Rolaids, an antacid, are a staple in many medicine cabinets because they're helpful for reducing stomach acid and providing relief from heartburn. If your dog ate some Rolaids, don't worry. They aren't toxic to dogs, though he may experience gastrointestinal upset. When used with veterinary oversight, human antacids can be helpful.
Dogs and Antacids
The active ingredients in Rolaids are calcium carbonate and magnesium hydroxide, which work together to increase the digestive tract's pH level. Occasionally, a vet will prescribe an antacid to treat symptoms from peptic ulcers, heartburn and acid reflux in a dog. If a dog in renal failure has high amounts of phosphate in his blood, an antacid may be useful to lower the phosphate level.
Side Effects of Antacids
A dog taking Rolaids or another antacid may experience side effects, including loss of appetite, diarrhea or constipation. Veterinarians generally avoid long-term use of antacids because they can cause electrolyte imbalances leading to irregular heart rate and weakness. Antacids containing aluminum may cause bone-thinning, weakness and aluminum toxicity.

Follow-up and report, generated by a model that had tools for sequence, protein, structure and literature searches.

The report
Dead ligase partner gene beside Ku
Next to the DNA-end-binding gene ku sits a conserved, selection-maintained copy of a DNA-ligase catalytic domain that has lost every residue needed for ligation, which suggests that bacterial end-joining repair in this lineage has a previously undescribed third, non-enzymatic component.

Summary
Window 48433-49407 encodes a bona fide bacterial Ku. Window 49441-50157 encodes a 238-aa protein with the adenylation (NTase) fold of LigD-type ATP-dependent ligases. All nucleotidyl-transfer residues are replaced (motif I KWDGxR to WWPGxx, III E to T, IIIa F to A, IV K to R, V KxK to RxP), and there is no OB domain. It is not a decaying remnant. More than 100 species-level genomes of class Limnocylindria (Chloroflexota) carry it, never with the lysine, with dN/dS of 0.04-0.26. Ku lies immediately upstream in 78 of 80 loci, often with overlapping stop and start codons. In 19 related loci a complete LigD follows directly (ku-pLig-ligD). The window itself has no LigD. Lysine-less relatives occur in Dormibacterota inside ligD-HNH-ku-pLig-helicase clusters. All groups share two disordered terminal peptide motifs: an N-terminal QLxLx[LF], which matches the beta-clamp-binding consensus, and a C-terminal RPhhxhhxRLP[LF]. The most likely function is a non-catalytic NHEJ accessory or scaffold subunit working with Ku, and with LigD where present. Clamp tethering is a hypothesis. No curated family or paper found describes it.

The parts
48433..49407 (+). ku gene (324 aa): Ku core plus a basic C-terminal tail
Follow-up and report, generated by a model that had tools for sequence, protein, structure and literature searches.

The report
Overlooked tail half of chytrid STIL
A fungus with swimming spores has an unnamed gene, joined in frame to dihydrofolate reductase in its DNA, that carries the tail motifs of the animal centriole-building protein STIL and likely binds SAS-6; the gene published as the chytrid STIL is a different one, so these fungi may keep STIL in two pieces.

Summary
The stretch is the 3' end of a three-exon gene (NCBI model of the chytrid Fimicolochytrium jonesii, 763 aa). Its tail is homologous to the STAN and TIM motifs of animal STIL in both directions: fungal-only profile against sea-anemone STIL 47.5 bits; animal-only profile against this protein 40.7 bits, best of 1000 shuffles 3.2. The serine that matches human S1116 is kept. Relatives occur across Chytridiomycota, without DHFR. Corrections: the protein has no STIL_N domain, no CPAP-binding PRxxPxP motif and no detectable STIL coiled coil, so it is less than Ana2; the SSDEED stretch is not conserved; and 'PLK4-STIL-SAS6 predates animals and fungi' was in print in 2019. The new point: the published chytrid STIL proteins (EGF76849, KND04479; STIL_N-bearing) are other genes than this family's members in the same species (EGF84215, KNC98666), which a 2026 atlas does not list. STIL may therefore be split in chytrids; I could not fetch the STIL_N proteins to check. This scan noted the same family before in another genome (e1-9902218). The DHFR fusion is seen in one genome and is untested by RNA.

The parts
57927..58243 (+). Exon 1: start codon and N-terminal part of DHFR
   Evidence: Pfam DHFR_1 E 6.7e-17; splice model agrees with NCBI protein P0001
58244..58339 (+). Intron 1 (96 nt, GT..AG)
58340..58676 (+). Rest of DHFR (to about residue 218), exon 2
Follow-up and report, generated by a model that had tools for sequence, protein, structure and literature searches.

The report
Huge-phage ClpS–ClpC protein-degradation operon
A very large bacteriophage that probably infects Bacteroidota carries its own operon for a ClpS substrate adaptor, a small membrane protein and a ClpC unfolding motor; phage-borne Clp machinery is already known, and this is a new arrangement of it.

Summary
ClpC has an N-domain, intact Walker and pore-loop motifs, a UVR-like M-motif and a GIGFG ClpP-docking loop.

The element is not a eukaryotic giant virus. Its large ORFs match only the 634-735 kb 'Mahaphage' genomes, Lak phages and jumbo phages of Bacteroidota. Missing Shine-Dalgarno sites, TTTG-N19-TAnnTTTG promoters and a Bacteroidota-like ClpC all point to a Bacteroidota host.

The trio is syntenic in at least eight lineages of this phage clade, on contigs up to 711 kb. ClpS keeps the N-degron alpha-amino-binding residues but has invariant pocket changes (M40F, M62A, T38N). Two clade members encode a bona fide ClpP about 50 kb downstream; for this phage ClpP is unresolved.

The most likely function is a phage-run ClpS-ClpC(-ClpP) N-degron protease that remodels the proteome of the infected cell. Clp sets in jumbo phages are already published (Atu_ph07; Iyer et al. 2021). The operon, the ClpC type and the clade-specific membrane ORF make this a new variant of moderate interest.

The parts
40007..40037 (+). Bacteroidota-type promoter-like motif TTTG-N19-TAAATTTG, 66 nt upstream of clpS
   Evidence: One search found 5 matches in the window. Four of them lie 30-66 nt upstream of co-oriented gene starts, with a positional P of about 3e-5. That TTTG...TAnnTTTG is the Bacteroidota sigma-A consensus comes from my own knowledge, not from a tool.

Reactions with Other Drugs
Rolaids and other antacids can react with a variety of other medications, so it's important to consult your veterinarian before administering this human medication to your dog. Since the stomach's acidity is affected by the antacids, any medication your dog takes may be affected. Discuss how to schedule administering antacids and other medications with your vet. Antacids affect the absorption of corticosteroids, tetracycline and a host of other medications used for a variety of medical conditions. If your dog takes digitalis or digoxin, he should not take Rolaids or other antacids containing calcium due to the risk of an abnormal heartbeat.
Dogs suffering from renal failure should not take antacids containing magnesium. Dogs with certain health conditions, including dietary mineral restrictions, kidney disease and stomach emptying disorders or obstructions, require veterinary oversight when taking antacids. Pregnant and lactating dogs should not take antacids.
Always check with your veterinarian before changing your pet’s diet, medication, or physical activity routines. This information is not a substitute for a vet’s opinion.